Casting Hackle For Mackerel

Reprinted from Fly Fishing Quarterly Magazine

Belfast Bay MackerelOne of my fondest fishing memories is of a morning spent with my kids, chasing mackerel in a small row-boat out behind the old sardine factory in Belfast Bay.  It was one of those picture-book July days on the Maine coast; when sun splashed from the masts of all the sailboats moored in the harbor and fish seemed to swarm to my fly on nearly every cast.  Yet idyllic as it was, that day really wasn’t all that different from a number of other mackerel fishing outings I’d enjoyed.

I think the reason it stands out so vividly in my mind however, is that I’d just returned from a couple of fruitless Atlantic salmon trips in the Maritimes, and was itching to get the feel of a fish on my rod.  So, when one of my first casts produced a thick-bodied, 17″ mackerel that stripped line off my reel with a couple powerful runs, I probably savored it a lot more than others I’d caught in the past.

One thing that probably prevented me from fully appreciating these fish earlier, was that they are so common and easy to fool.  Although at certain times and places, they can be selective.  Like many fly fishermen, I had to go through the “bigger, farther, harder” stage, before I could settle down and enjoy the fishing in my own backyard.

Fortunately, that day on Belfast Bay changed a lot of things for me. And, as I continued to catch and release one mackerel after another, I became re-acquainted with the simple fact that catching fish is fun!  Since then, I’ve made dozens of other mackerel fishing junkets to the coast, and had a blast nearly every time.  After learning a few of the basics, you can have fun casting hackle for mackerel.


Mackerel are widely distributed along the Atlantic seaboard from North Carolina to the Gulf of St. Lawrence.  As close relatives of tuna, they are a migratory, schooling fish that spend much of their time in the open ocean.  Yet unlike most other pelagic species, mackerel have a tendency to move into shallow, coastal areas when water temperatures are in the 50’s and food is abundant.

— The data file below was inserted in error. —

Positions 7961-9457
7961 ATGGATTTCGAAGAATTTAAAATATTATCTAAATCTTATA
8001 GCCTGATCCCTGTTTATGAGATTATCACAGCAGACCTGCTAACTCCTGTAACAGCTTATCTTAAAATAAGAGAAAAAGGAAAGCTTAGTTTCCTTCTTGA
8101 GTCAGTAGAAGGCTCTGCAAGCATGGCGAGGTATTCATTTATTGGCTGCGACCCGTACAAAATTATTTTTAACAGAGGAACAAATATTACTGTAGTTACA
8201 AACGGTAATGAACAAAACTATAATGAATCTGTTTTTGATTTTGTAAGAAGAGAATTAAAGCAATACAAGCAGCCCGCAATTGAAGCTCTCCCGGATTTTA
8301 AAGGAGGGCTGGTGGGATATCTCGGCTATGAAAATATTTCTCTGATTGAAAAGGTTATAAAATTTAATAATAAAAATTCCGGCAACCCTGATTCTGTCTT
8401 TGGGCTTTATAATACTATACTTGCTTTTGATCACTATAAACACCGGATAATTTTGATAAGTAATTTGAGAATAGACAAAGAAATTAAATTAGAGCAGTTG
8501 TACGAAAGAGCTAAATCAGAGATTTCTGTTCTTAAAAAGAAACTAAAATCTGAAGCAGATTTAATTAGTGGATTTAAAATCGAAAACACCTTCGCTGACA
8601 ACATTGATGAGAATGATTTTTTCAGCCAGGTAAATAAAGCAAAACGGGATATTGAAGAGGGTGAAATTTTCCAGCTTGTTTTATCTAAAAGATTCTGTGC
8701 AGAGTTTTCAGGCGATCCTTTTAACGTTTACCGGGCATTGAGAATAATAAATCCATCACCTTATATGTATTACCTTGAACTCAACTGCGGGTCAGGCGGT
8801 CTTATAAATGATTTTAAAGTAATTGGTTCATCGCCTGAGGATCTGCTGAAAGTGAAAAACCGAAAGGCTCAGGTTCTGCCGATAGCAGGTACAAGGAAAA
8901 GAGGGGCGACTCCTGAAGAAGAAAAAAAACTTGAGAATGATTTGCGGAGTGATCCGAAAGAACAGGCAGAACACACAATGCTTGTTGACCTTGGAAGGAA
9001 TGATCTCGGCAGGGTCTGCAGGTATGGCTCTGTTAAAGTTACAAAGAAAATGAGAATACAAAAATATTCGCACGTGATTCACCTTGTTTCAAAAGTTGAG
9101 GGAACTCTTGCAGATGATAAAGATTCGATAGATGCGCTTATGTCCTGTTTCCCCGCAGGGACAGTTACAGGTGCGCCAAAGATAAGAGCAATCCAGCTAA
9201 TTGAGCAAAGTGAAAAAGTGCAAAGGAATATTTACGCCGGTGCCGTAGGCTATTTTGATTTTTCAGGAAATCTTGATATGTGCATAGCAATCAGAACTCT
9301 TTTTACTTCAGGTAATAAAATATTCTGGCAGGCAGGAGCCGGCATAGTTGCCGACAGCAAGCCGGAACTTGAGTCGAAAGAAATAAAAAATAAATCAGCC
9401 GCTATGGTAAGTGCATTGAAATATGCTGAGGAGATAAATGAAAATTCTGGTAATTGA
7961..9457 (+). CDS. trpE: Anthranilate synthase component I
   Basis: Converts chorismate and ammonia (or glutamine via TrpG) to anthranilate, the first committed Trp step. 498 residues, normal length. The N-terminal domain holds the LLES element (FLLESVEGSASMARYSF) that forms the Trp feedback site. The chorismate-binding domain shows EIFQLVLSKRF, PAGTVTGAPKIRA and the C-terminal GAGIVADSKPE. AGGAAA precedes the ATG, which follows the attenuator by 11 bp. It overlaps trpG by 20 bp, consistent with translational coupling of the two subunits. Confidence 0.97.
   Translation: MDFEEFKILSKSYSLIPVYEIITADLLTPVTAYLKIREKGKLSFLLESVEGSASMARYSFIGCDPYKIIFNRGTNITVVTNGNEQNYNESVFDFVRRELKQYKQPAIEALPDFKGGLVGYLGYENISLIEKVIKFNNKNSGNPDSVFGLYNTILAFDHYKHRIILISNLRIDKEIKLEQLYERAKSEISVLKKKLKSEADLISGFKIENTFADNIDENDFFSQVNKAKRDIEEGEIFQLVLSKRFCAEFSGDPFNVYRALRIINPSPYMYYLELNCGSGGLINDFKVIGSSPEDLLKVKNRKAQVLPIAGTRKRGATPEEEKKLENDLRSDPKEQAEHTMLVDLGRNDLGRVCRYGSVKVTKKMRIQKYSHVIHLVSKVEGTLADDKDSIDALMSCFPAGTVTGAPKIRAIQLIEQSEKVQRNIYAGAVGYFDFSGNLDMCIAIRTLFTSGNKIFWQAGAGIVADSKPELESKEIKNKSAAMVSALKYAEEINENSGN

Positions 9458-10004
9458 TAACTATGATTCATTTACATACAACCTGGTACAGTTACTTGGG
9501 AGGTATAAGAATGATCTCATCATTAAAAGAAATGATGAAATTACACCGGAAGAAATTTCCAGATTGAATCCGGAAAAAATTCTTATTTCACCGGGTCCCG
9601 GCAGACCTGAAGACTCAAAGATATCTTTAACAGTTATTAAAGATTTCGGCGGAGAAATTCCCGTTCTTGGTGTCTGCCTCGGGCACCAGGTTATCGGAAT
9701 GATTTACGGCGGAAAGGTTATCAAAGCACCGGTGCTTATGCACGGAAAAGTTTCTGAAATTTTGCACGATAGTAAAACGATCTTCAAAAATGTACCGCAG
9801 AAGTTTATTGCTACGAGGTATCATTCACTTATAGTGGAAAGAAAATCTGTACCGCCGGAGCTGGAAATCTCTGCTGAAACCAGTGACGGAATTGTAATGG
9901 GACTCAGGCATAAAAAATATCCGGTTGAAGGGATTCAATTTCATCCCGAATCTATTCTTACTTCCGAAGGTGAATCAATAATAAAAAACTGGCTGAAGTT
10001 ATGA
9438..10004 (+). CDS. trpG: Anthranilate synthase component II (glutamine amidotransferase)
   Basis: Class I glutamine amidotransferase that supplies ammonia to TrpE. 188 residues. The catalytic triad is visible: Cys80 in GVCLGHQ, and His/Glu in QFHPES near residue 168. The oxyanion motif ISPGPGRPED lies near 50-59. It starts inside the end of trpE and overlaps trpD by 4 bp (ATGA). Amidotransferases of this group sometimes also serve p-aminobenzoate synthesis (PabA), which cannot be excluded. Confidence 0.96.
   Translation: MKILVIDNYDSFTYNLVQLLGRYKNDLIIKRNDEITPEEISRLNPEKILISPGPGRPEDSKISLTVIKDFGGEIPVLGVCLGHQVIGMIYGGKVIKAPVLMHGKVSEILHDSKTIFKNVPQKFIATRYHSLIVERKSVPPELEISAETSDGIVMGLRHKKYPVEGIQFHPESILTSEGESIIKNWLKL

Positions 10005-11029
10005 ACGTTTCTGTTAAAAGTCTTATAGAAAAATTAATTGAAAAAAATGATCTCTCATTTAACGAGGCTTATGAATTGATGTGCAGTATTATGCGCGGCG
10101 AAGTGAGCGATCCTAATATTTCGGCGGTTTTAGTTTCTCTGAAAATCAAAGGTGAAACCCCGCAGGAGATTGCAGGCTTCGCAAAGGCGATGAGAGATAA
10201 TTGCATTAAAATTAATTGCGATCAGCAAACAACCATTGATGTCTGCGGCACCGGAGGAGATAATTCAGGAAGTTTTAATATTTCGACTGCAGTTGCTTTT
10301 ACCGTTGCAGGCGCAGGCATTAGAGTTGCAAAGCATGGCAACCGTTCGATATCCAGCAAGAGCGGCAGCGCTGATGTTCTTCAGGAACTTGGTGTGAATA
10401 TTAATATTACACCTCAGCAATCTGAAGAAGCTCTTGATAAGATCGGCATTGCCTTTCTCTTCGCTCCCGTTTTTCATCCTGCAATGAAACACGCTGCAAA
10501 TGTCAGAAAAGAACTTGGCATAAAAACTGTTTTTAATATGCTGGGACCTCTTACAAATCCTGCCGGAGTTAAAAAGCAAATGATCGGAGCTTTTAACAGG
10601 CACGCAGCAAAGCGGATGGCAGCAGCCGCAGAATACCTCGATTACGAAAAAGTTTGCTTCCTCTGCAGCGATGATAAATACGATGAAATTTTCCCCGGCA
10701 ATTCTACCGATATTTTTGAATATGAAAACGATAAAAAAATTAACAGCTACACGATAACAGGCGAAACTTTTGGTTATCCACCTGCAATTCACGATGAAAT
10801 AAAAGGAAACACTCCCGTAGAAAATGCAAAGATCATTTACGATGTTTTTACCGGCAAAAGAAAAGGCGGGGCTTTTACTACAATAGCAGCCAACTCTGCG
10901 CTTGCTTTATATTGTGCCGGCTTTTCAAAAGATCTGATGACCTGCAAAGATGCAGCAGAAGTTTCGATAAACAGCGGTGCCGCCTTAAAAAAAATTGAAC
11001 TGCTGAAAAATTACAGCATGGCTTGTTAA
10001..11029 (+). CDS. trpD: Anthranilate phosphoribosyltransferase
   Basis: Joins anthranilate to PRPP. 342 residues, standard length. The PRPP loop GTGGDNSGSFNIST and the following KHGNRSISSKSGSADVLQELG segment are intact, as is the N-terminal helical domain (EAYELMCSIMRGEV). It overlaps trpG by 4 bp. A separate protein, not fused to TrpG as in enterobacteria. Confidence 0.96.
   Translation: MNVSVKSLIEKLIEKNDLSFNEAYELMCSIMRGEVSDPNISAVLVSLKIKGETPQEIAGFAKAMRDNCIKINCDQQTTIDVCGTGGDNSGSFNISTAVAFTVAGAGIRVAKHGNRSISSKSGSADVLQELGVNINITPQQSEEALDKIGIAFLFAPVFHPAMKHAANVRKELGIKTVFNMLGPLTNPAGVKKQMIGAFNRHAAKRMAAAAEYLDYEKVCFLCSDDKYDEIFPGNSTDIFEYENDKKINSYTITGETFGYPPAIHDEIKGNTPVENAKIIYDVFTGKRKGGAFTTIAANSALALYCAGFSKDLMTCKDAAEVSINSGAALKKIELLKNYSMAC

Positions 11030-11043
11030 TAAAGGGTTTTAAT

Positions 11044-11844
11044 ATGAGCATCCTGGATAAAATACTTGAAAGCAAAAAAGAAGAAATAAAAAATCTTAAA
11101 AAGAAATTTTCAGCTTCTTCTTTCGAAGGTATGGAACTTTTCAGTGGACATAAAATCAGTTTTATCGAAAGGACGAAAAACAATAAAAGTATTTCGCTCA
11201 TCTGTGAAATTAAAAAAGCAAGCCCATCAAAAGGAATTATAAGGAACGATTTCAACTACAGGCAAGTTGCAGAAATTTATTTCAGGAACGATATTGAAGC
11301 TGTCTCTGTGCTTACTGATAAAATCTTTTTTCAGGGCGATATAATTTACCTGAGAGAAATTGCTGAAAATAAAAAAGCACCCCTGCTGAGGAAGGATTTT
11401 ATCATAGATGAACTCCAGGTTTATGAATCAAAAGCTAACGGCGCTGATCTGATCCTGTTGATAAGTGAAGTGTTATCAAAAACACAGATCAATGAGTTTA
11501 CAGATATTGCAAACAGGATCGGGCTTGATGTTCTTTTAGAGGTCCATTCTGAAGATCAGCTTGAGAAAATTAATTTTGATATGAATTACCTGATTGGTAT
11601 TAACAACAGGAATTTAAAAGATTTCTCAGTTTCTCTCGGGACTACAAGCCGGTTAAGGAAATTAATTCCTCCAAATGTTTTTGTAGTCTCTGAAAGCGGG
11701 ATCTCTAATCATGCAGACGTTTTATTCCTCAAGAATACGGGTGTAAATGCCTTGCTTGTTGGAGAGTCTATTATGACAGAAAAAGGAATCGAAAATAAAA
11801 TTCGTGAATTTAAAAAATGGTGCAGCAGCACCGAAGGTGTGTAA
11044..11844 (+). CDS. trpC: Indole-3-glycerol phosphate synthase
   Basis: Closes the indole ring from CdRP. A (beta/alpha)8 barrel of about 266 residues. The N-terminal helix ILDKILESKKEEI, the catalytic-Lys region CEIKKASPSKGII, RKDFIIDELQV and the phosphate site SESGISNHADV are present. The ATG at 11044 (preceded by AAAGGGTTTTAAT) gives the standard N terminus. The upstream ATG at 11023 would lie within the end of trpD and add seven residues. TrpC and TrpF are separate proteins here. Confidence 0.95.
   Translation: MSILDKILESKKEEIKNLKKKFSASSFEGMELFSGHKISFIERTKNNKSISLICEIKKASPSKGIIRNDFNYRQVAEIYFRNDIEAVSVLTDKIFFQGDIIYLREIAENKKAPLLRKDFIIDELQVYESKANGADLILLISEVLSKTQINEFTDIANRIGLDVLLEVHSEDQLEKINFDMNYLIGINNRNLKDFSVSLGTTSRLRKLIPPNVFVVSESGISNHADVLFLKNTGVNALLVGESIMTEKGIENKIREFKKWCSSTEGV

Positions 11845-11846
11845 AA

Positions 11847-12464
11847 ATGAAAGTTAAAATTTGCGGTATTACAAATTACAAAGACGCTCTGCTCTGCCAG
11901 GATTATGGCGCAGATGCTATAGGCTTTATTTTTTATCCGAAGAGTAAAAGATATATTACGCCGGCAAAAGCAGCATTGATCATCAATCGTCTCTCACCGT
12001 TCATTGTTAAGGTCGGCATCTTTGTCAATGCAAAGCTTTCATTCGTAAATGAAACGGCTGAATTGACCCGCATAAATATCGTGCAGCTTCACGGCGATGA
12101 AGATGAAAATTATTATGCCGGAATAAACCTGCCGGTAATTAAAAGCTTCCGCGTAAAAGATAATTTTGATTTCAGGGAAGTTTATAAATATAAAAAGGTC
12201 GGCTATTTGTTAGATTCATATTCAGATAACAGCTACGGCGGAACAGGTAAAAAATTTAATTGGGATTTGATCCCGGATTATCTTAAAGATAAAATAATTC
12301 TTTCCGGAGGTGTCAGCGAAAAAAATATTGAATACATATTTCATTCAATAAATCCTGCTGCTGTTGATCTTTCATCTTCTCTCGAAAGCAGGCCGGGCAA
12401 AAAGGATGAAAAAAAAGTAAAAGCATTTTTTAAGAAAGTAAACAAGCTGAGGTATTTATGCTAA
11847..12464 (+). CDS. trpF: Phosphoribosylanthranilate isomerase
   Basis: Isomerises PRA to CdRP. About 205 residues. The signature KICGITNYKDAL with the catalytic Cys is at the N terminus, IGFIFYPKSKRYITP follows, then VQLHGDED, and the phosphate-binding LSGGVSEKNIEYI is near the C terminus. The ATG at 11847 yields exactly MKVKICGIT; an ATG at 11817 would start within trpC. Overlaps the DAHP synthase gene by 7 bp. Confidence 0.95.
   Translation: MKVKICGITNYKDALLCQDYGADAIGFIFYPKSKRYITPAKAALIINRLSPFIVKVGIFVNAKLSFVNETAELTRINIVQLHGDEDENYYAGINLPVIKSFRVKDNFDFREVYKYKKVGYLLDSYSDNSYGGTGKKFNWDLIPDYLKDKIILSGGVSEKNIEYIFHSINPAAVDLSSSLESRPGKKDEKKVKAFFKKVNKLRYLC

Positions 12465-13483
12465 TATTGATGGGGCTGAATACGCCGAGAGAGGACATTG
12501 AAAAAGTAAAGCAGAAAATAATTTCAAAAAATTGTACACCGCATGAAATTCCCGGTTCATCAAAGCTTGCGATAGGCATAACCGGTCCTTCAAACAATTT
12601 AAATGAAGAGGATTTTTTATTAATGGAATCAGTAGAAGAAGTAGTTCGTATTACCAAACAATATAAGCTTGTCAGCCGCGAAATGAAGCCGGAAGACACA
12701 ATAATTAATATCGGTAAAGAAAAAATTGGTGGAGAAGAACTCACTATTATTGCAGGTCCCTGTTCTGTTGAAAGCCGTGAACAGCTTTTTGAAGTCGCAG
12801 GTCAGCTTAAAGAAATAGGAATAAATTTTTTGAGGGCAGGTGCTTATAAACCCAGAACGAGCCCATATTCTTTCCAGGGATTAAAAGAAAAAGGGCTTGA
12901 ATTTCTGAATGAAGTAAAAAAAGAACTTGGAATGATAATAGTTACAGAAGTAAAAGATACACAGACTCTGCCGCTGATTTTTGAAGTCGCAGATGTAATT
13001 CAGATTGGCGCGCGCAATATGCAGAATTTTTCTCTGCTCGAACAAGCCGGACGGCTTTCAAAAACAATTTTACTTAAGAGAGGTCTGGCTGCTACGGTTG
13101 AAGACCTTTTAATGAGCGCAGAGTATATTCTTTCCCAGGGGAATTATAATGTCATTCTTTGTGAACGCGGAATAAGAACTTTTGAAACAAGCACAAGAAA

As a result, anglers along much of the east coast get a shot at these feisty battlers as they work their way along the shore each year.  According to Dave Keifer, Director of the Mid-Atlantic Fisheries Management Council, “South of Cape Cod, movements of mackerel are strongly influenced by the weather and frequently difficult to predict.  Additionally, ocean currents along the mid-Atlantic states often tends to keep them well out from shore.”  Thus, scoring consistently in these regions frequently requires a sea-worthy boat and a dedication to fishing.  Angling friends in New Jersey and Long Island, tell me that there are times, however, when the mackerel move in close enough for fly casters to reach them from shore.

In Maine, we are especially fortunate.  Here on the northern fringe of the mackerel’s range, water temperatures remain comfortably cool throughout the entire summer and feed is generally abundant.  Thus, fish usually arrive in late June and stay until early September.

The unique contours of our coastline makes Maine ideally suited for salt water fly fishing.  Among the countless sheltered bays, rocky points and coastal islands, anglers in a small boat or canoe, have the opportunity to fish over large schools of mackerel.  And, during the two hour period on either side of high tide, shore-bound fly casters often have access to large schools of fish as well.


Maine Mackerel FishingAs with any migratory species, the first step in catching mackerel is finding them.  In a boat, this often involves trolling around until you get a few strikes or see a school rippling the surface.  You can accelerate this process by carefully looking for clues that indicate where fish might be.  Groups of seabirds hovering in one place, seals, and clusters of other boats are all reasonable things to look for.  One of my favorite tricks is to follow the chum line that is unintentionally established by lobster boats as they move around an area working their traps.